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1.Scitation is run by the American Institute of Physics (AIP) and is the online home for their journals and conference proceedings, as well as those of AIP member societies, including AAPT. AJP is available on Scitation at <>.
2.If there's one journal that every college and university with a physics department in the country (perhaps the world) should subscribe to it is AJP. The journal's broad scope, educational focus, usefulness, and readability makes it an incredible resource for all physics faculty and many physics students. If your institution does not subscribe to AJP, we urge you to contact your librarian immediately and do whatever it takes to start a subscription.
3. J. Shulman et al., “ Experimental determination of circuit equations,” Am. J. Phys. 83, 6471 (2015).
4.Creative Commons Attribution 3.0 Unported License, <>. See also the AAPT Author Agreement for Open Access, <>.
5. O. James et al., “ Visualizing Interstellar's wormhole,” Am. J. Phys. 83, 486499 (2015).
6. B. A. Scalettar and J. R. Abney, “ Biomedical imaging in the undergraduate physics curriculum: Module on optical microscopy,” Am. J. Phys. (to be publsihed).
7.According to its web site, arXiv was started in 1991 (formerly at <> and currently <>) as “a highly-automated electronic archive and distribution server for research articles.” Initially consisting almost entirely of high-energy physics articles, arXiv now hosts more than a million articles covering all areas of physics (including physics education), plus mathematics, statistics, computer science, biology, and even finance.
8.AAPT Copyright Transfer Agreement, <>.
9.Physical Review Special Topics—Physics Education Research, <>.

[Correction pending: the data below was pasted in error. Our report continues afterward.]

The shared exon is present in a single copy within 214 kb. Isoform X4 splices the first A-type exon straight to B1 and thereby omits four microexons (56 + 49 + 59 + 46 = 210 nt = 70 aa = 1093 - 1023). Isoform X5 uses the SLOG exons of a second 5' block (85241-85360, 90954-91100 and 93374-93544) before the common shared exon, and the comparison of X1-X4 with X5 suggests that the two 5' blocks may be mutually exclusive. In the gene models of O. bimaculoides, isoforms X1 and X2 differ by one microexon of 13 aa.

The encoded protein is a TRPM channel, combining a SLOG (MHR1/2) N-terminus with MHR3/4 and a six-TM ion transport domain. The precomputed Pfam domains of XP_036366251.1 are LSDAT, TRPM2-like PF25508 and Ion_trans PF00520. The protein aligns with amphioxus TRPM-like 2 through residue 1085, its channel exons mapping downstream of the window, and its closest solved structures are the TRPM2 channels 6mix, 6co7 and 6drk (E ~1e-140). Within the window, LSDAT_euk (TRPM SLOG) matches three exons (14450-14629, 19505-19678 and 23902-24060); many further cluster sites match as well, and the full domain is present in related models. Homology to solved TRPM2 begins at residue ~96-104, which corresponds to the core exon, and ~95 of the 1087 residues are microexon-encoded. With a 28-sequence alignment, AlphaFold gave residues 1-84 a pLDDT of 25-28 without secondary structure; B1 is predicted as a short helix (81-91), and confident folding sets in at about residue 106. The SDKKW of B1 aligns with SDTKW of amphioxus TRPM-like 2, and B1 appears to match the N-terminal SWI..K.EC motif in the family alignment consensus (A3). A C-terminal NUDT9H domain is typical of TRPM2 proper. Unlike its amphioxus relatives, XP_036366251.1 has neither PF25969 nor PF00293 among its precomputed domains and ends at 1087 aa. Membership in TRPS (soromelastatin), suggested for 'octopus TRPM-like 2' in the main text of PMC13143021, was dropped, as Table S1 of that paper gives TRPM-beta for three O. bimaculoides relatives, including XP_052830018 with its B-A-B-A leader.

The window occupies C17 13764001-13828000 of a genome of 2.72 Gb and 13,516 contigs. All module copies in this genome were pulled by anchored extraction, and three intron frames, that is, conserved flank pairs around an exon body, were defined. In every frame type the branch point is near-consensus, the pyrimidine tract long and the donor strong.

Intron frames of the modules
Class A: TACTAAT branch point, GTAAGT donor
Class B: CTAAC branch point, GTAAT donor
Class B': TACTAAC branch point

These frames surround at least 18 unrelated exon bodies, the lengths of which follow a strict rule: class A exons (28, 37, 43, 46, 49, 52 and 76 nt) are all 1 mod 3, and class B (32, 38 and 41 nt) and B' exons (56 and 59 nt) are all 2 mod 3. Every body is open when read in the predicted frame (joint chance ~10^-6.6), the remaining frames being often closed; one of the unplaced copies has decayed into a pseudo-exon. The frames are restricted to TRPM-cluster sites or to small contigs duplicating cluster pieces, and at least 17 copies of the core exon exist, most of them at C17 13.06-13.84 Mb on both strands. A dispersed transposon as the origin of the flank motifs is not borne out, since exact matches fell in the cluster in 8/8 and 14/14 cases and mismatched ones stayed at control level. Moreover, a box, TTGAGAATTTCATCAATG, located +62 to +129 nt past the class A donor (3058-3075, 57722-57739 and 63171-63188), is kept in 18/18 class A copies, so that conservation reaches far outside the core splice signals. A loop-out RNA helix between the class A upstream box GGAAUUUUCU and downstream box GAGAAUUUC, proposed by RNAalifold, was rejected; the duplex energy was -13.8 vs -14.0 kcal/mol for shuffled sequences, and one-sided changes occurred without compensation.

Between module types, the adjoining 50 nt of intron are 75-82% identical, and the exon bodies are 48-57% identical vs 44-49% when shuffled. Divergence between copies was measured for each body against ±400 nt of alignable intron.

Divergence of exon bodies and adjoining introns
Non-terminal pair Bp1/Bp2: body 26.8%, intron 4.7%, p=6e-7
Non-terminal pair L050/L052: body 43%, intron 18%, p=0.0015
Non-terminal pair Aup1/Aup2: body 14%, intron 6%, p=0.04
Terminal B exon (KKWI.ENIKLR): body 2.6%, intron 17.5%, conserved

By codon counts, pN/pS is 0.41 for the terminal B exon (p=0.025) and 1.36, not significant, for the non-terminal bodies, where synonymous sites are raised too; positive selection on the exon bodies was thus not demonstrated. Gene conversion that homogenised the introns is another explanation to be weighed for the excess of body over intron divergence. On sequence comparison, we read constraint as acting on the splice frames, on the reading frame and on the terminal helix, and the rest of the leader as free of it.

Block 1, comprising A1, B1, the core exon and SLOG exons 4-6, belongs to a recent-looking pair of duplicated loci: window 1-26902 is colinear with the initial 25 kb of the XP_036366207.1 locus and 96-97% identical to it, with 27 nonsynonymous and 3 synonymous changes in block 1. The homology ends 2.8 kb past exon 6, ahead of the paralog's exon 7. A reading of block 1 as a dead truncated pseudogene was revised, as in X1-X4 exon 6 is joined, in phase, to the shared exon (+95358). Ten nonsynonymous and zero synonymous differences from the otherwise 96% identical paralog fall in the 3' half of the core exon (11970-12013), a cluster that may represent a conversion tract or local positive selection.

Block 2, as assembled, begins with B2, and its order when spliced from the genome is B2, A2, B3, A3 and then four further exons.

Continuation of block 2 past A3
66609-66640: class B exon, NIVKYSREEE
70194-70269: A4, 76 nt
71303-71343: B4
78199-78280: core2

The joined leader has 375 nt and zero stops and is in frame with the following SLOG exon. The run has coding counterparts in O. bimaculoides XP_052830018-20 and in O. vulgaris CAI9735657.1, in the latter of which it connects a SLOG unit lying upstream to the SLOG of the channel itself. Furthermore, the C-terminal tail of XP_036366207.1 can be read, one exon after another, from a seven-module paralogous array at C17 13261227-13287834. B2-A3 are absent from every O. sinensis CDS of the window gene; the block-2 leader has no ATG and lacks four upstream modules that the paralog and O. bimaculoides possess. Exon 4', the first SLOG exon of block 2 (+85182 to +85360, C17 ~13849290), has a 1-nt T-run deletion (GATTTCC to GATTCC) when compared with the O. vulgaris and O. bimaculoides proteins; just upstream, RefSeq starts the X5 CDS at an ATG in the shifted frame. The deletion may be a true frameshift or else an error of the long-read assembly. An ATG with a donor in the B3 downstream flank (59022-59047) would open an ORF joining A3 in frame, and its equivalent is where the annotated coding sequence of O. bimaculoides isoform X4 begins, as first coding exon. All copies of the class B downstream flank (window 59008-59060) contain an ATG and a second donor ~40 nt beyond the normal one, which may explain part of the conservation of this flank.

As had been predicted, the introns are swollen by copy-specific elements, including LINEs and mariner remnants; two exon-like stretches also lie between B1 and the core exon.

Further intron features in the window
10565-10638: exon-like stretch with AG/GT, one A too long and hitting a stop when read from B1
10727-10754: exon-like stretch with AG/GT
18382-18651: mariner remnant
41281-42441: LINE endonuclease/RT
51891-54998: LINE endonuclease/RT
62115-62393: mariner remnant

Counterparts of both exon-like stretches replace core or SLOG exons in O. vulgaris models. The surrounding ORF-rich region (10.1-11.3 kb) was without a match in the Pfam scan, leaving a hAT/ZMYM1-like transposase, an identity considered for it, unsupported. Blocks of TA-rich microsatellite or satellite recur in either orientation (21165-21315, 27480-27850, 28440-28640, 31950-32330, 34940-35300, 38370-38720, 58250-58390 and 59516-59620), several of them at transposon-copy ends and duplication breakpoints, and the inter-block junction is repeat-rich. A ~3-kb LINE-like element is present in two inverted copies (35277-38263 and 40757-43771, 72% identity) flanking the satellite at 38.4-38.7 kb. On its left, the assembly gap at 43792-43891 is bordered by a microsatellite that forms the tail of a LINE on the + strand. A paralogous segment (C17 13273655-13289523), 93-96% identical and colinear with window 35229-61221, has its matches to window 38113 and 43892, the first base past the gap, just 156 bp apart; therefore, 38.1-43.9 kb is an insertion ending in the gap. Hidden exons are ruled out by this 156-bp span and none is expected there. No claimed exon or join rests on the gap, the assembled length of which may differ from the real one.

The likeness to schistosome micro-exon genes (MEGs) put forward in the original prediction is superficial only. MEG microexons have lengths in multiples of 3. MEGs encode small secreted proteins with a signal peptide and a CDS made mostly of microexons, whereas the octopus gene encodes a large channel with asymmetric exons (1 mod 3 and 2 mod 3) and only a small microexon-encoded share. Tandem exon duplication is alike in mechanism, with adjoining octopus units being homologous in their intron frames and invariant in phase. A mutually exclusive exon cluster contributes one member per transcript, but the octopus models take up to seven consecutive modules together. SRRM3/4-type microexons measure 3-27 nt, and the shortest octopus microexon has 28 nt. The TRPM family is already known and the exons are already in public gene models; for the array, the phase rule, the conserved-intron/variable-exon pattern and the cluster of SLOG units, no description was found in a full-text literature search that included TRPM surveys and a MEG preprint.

10.While we respect the preferences of those who choose only online access, we count ourselves among the many AJP readers who still value the printed version. Perhaps printed journals are no longer needed for frontier research, where specialists look only at papers that pertain to their immediate research needs. But AJP is not a research journal; our goal is to publish articles that will be interesting and accessible to all physicists. Each AJP issue is also short enough to be browsed rather thoroughly in a single sitting. For this type of reading, print is still more convenient than pixels.
11.There is now a vast literature on open access. One thorough exposition by an early proponent is Peter Suber, Open Access (MIT Press, Cambridge, MA, 2012), <>.
12. J. Tobochnik, “ Editorial: Open access,” Am. J. Phys. 74, 853854 (2006).
13.National Institutes of Health “Public Access Policy,” <>.
14.National Science Foundation, “NSF's Public Access Plan: Todays Data, Tomorrow's Discoveries,” <>.
15.Scholarly Publishing and Academic Resources Coalition (SPARC), “Open Access,” <>.

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